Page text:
Entertainment, Sports & Leisure Law
- Lawyers have a legal duty to represent their artist client's best interests.
- Entertainment lawyers can negotiate artist agreements to protect their clients' legal rights.
- When artists have a legal dispute, an entertainment lawyer can represent them in court.
Many artists prefer to focus on something other than the business side of their creative work. But having contracts and agreements in place can protect your intellectual property rights and make sure you are compensated for your work. You can avoid several legal issues with a properly negotiated artist’s contract.
If you are an artist getting established in the entertainment industry, it can help to talk to an entertainment law attorney. Legal counsel can help you negotiate the terms of the agreement to protect your original work and trade secrets.
An artist attorney is an entertainment lawyer who works with artists, galleries, dealers, and agents. Entertainment lawyers generally work in transactional law and litigation. Transactional law refers to legal planning, contract negotiation, and drafting agreements to protect artists’ legal rights.
Entertainment law litigation has to do with legal disputes between different parties. In litigation, your attorney can file a civil lawsuit against other parties involved in breach of contract claims, copyright law claims, or agency agreement disputes. An art industry lawyer can also represent you in alternative dispute resolution settings, including mediation and arbitration.
Entertainment lawyers are very different from entertainment agents. One of the areas where they may overlap is negotiating deals for their clients. Agents generally have an agent agreement or management contract to represent artist clients in exchange for a commission. The commission is generally a percentage of what the client earns.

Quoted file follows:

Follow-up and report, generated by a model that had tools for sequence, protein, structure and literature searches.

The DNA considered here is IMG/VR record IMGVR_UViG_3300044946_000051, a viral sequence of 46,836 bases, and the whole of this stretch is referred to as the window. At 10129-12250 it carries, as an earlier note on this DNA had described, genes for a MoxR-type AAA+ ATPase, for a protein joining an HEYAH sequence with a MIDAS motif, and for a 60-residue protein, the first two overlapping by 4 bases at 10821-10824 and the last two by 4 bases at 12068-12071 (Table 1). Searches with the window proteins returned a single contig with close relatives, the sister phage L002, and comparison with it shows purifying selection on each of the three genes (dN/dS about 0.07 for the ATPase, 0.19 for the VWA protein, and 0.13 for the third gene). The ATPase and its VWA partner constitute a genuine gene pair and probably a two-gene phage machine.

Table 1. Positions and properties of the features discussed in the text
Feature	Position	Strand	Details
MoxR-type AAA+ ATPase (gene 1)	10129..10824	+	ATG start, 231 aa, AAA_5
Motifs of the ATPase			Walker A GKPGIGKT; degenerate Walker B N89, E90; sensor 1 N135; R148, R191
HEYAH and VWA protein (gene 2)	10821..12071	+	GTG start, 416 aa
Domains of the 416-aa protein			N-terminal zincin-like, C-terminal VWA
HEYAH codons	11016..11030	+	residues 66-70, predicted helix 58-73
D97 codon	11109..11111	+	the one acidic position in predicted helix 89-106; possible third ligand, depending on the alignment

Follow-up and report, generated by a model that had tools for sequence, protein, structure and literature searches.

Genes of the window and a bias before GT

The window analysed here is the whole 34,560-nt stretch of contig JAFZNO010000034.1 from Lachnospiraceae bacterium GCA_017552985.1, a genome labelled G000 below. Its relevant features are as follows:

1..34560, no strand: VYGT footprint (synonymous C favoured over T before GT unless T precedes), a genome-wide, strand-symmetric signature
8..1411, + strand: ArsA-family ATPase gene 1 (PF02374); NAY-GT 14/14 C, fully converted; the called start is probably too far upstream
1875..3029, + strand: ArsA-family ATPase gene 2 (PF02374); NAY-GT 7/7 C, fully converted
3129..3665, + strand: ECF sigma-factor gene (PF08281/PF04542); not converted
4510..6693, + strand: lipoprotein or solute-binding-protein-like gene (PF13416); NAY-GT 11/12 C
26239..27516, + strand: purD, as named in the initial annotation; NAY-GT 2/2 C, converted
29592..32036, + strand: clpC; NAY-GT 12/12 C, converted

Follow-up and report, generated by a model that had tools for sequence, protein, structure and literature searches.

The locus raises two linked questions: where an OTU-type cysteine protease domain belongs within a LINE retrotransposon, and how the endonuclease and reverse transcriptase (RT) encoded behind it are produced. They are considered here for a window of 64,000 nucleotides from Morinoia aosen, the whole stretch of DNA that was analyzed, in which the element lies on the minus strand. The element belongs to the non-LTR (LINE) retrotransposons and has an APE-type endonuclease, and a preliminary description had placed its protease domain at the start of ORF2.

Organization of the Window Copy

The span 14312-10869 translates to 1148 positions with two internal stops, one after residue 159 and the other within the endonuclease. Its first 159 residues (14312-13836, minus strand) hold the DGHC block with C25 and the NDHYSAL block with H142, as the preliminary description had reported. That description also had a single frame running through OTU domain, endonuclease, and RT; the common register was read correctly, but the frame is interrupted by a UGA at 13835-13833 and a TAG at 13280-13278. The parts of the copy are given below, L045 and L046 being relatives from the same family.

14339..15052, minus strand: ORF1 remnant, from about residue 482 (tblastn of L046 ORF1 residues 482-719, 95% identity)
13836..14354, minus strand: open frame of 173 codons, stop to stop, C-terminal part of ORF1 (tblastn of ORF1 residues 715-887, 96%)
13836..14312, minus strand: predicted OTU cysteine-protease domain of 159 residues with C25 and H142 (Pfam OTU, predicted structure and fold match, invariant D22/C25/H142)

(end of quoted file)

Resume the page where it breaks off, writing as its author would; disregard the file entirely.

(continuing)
An artist lawyer has all an attorney’s legal and ethical duties and responsibilities. Lawyers have an ethical and legal duty to their clients as fiduciaries and have a duty to protect confidential information and a duty to act in the best interests of their clients.
For example, if an agent can make more money from a deal that compromises your work, the agent may want to make that deal because they earn more money. But an attorney would have an obligation to tell you about any risks to your reputation by making certain deals.
Lawyers can also give you legal advice. Agents can only give legal advice if they are also licensed attorneys. It is against the law for non-lawyers to practice law and give legal advice.
Artists’ lawyers can also represent you in court. If you file a lawsuit because another party is making unlicensed derivative works based on your art, your attorney can sue and fight for your interests.
Lawyers for artists generally don’t make money based on a commission. Attorneys typically charge based on upfront fee agreements, usually based on an hourly billing rate, retainers, or flat-fee agreements.
The art world has many different aspects, and artistic representation does not apply equally to all types of art. Different types of artists may have different needs, including:
- Visual artists
- Performance artists
- Multimedia artists
- Dance artists
Many artists only think of contacting an entertainment lawyer once something goes wrong. But, many of the benefits of using a lawyer involve getting legal advice before anything goes wrong. Art industry legal services can include reviewing entire agreements and negotiating the terms of the agreement.
Many art and agent agreements are general templates that don’t protect artists’ interests or account for common subject matter disputes. Your attorney can make sure the artist and license agreements address all issues of concern, including:
- Artist’s obligations
- Artist’s and moral rights
- Period of time and effective dates
- Contract breach
- Warranties and representations
An art world lawyer can help avoid many legal disputes with proper planning and preparation. But when legal disputes arise, an entertainment lawyer can take action to protect your artistic, financial, and reputational interests.